Authorship, Publishing, Books and More

Today’s Guest is Ashley M. Christman

My guest today is Ashley M. Christman who as you’ll see has a very interesting hobby of sorts. Here she tells us about past and present work and offers some writing tips. Check out her incredible Web site at


Susan Palmquist(SP)-I think you have one of the best Web sites I’ve visited. Is it all your work?

Ashley Christman(AC)-The layout is a clever template provided by my webhost, but other than that, I’m the one that does all the maintenance on my site. I try to keep it easy to navigate for the most part and I upload new content as often as possible. I think it might be a quicker process if I did have an assistant. Oh well, I can dream.

SP-One of your favorite authors is Anne Rice. What is it you like about her work?

AC-I like how she was really the first to take everything we thought we knew about vampires and turned it into something completely different. In my mind, she was one of the first people since Dracula to make vampires sex symbols. Also, her protagonist, Lestat isn’t really a hero at all. He’s very much an anti-hero, and I love him for it.

SP-Do you think it’s a good idea for writers to pen stories similar to the ones they love to read?

AC-Reading stories similar to ones they write, help them learn. I don’t believe you can truly write in a genre if you’ve never read anything in that genre. How can you write sci-fi if you don’t know what is appealing in sci-fi stories? That said, I think it’s also good to read outside of your genre, that allows for you to expand your horizons and learn new things.

SP-And here’s something that got my attention when I was on your Web site, you go on paranormal investigations…you even have some photos. How did you get involved in that…did you have any training?

AC-I’ve always been interested in paranormal investigating. When I was a kid, one of the many careers I thought I’d have would be to travel the country in an RV and investigate every haunted place in America. I got involved with it because I wanted to do it, so I joined Riverside Investigators of the Paranormal (RIP). A lot of the training involved is hands on. You learn from people who’ve been doing it a lot longer than you and go on as many investigations as possible. Of course, there’s a large learning curve and just when you think you’ve learned it all, something new comes along.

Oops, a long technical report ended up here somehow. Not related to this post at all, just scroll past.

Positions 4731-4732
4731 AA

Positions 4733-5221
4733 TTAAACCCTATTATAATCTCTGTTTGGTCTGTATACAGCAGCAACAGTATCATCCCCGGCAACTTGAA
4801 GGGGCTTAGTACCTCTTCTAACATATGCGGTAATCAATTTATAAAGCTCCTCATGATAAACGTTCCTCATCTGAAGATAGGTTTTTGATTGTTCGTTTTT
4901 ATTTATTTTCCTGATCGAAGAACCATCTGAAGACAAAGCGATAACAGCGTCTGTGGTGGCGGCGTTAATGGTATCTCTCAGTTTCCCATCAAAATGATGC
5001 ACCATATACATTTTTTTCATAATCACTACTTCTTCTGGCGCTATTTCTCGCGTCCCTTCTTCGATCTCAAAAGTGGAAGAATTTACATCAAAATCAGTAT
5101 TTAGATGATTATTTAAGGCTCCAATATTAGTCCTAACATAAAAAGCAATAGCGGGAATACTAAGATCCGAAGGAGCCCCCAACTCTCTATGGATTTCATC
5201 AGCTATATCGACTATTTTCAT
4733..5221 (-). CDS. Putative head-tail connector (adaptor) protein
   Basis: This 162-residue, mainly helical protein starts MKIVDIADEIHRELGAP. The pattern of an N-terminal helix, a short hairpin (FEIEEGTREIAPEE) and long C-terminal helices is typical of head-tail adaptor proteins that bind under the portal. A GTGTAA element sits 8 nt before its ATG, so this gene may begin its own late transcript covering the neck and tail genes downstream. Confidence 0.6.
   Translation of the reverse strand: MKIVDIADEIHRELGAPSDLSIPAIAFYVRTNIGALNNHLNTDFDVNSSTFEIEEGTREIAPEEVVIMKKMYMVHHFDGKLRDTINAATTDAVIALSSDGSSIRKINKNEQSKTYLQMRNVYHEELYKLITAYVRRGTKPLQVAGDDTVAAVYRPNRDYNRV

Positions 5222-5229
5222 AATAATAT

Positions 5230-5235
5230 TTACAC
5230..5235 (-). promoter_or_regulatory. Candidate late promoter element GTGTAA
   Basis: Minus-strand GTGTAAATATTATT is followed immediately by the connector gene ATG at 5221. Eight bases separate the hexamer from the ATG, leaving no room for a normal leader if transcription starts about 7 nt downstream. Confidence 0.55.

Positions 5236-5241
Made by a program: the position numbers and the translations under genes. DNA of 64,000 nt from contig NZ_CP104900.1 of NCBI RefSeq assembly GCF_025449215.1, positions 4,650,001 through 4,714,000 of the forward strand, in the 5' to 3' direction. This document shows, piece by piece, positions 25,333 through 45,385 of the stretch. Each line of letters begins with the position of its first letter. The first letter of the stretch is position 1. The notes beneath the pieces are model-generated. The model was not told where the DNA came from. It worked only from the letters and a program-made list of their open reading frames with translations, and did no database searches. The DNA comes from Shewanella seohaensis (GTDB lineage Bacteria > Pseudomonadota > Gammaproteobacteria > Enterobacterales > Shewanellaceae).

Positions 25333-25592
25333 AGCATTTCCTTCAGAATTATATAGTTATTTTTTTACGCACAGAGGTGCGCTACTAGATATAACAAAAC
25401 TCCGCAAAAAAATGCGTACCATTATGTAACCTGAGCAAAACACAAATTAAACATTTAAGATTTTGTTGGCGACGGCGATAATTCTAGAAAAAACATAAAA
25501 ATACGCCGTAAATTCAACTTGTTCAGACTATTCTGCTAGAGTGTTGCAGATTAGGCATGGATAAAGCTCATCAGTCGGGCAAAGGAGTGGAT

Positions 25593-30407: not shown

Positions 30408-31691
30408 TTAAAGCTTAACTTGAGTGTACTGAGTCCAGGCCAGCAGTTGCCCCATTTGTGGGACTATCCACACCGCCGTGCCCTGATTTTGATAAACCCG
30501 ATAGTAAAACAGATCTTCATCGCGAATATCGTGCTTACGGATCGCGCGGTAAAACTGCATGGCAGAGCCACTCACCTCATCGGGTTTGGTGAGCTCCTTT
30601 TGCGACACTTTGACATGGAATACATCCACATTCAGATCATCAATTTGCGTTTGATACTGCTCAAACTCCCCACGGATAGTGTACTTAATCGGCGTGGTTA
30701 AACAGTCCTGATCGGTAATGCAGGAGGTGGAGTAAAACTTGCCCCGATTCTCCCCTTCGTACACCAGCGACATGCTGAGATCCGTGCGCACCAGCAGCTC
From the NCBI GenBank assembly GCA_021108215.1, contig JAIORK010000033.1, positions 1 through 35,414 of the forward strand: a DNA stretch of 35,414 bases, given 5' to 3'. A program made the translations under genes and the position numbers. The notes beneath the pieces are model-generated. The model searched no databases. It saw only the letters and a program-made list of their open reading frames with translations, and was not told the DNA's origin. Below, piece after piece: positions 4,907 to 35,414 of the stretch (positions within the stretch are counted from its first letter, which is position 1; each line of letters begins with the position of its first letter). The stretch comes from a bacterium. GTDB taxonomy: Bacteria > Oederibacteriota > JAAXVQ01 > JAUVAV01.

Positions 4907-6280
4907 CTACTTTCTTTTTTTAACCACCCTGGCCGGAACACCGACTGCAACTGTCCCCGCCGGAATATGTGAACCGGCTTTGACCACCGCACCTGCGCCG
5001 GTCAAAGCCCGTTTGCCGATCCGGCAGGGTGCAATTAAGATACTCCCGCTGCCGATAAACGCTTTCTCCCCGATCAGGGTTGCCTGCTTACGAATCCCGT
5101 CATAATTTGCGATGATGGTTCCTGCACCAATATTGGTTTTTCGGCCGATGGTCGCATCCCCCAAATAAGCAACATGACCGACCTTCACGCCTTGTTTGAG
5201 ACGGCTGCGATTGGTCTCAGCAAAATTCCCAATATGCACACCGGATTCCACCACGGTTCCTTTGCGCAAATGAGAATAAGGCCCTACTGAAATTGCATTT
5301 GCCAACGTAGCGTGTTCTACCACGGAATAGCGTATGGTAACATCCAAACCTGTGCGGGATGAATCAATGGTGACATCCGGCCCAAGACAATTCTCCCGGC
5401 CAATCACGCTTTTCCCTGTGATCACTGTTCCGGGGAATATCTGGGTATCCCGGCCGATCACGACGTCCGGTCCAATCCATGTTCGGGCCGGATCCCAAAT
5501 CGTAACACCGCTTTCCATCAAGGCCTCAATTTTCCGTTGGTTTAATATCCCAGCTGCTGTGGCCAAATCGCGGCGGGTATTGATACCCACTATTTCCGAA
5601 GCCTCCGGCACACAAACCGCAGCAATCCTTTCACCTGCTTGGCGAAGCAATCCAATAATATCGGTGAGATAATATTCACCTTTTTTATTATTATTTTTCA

SP-Any good investigations you can share with us?

AC-We were investigating a cemetery a few days before Halloween. These kids thought it’d be a good time to hold a séance at one of the graves and scared themselves. They ran out screaming. Well about thirty minutes later, the police show up and we’re rolling our eyes and actually irritated because we’d just finished setting up our equipment. Well the cops were incredibly interested in what we were doing and asking us all kinds of questions about our equipment and I we caught anything. Afterwards we laughed because it was kind of cool that the cops were more curious than anything.

SP-Do you ever use these investigations as story ideas?

AC-I’ve tried to, but what really goes on in an investigation is actually quite boring. The fun comes from working with your team and just chit chatting.

SP-The Witching Hour is your latest book; tell us about it and how it came about?